The people of Judah who were not taken into exile, are confused. After the Babylonians take the king, nobles and leaders to Babylon as captives they are leaderless, and Gedaliah, the leading official whom the Babylonians appointed, is murdered. They approach Jeremiah for guidance, as he had brought messages from God warning of the disaster that had now come on Jerusalem. We read how they said to him, “pray to the LORD your God for us … because we are left but few … that the LORD your God may show us the way we should go and the thing we should do” (ch. 42:2,3). The people see God as Jeremiah’s God, not theirs.

Jeremiah corrects them, “I have heard you. Behold, I will pray to the LORD your God according to your request, and whatever the LORD answers you I will tell you. I will keep nothing back …” (verse 4). They reply, “… may it be well with us when we obey the voice of the LORD our God” (verse 6).

Ten days later (verse 7), Jeremiah tells them that God says there will be blessings “If you remain in the land” (verses 9,10). But they had already fixed their plans to run to Egypt for security. This illustrates the waywardness of human nature, the lack of most of a real consciousness of God’s will and guidance.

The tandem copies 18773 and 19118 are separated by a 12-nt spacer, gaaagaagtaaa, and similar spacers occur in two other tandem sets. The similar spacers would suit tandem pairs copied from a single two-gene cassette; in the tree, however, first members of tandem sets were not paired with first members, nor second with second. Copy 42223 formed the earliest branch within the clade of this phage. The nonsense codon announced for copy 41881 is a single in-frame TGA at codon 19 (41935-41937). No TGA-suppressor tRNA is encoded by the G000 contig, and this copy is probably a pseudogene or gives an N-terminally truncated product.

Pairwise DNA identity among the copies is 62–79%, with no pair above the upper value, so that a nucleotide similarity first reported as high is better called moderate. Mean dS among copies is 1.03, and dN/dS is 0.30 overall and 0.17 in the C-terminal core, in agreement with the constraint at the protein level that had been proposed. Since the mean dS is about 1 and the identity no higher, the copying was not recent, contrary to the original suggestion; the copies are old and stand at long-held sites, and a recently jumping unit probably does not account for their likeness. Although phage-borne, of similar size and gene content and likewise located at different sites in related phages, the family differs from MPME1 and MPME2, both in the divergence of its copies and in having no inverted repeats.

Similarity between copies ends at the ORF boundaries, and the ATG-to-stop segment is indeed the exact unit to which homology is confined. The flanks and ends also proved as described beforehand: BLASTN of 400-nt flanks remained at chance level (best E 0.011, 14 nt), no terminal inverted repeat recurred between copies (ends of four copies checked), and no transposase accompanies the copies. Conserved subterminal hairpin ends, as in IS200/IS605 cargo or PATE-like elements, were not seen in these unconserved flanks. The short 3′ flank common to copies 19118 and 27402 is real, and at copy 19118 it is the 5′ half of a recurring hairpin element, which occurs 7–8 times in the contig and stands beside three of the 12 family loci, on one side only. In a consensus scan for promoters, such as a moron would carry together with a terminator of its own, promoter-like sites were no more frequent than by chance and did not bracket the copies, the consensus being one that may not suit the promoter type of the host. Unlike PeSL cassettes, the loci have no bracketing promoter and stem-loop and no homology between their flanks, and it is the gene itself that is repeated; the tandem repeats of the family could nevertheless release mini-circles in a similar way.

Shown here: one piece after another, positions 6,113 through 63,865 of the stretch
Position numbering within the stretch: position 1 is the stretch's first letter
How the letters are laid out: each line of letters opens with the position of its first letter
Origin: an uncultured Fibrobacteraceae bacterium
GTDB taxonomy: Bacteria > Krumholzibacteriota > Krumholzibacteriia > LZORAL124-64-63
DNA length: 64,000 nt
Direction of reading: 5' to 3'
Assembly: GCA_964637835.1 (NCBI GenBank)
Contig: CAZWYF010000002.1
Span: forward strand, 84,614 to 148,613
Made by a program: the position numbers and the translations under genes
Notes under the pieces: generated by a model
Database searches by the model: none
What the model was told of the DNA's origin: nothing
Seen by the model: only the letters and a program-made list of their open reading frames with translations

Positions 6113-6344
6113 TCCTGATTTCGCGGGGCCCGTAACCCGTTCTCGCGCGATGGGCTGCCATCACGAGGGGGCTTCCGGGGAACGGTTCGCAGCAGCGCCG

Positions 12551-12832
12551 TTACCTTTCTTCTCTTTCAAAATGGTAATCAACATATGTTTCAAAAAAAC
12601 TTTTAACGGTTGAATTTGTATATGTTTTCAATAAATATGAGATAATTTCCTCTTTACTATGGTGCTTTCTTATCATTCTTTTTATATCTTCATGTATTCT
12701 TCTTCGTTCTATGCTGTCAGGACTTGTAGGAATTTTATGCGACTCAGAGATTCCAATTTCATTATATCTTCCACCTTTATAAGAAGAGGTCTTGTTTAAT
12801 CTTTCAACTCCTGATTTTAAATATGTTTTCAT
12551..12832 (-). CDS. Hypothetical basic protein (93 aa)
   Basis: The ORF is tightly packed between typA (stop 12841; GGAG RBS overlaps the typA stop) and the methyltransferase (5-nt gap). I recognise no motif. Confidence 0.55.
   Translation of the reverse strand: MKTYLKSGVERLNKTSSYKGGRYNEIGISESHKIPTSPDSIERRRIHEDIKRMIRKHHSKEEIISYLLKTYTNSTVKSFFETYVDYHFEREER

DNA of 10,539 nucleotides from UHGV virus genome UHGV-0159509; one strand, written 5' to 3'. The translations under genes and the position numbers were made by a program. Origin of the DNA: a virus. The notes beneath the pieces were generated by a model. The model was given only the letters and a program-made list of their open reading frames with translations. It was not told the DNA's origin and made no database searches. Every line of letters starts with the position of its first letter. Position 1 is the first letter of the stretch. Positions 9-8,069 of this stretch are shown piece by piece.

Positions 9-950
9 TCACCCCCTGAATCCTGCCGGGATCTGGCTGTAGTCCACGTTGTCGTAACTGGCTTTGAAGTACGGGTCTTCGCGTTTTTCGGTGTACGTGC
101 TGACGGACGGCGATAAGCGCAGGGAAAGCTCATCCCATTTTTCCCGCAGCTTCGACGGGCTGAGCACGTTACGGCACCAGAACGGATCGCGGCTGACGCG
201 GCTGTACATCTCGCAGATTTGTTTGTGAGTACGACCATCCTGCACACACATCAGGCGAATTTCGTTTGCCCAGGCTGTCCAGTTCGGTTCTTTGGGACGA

In the centuries since Christ, how many go to the Bible looking for evidence of what to believe? Rather, they go looking for evidence to support what they want to believe, such as heaven-going when they die. They distort the meaning of one or two texts, ignoring their context, to believe as they desire. John states in his gospel that “No one has ascended to heaven” (3:13) except Jesus. And Paul did not expect heaven-going. In his last letter we read, “… there is laid up for me the crown of righteousness, which the Lord, the righteous judge, will award to me on that day and not only to me but to all …” (2 Timothy 4:8).

A parallel tragedy is that many are told that all they need to do is to publicly confess that Jesus is their Lord and they will be saved. But Mark 16 says that “whoever believes and is baptised will be saved” (verse 16). Baptism is going down and being buried in the water and coming up again as a symbol of believing Christ died and then rose. You need to belong to him. Jesus insisted that John the Baptist should baptise him, telling John, “Let it be so now, for thus it is fitting for us to fulfil all righteousness” (Matthew 3:15), setting us the example. So it is then, as we carefully read God’s word, it will “show us the way we should go”.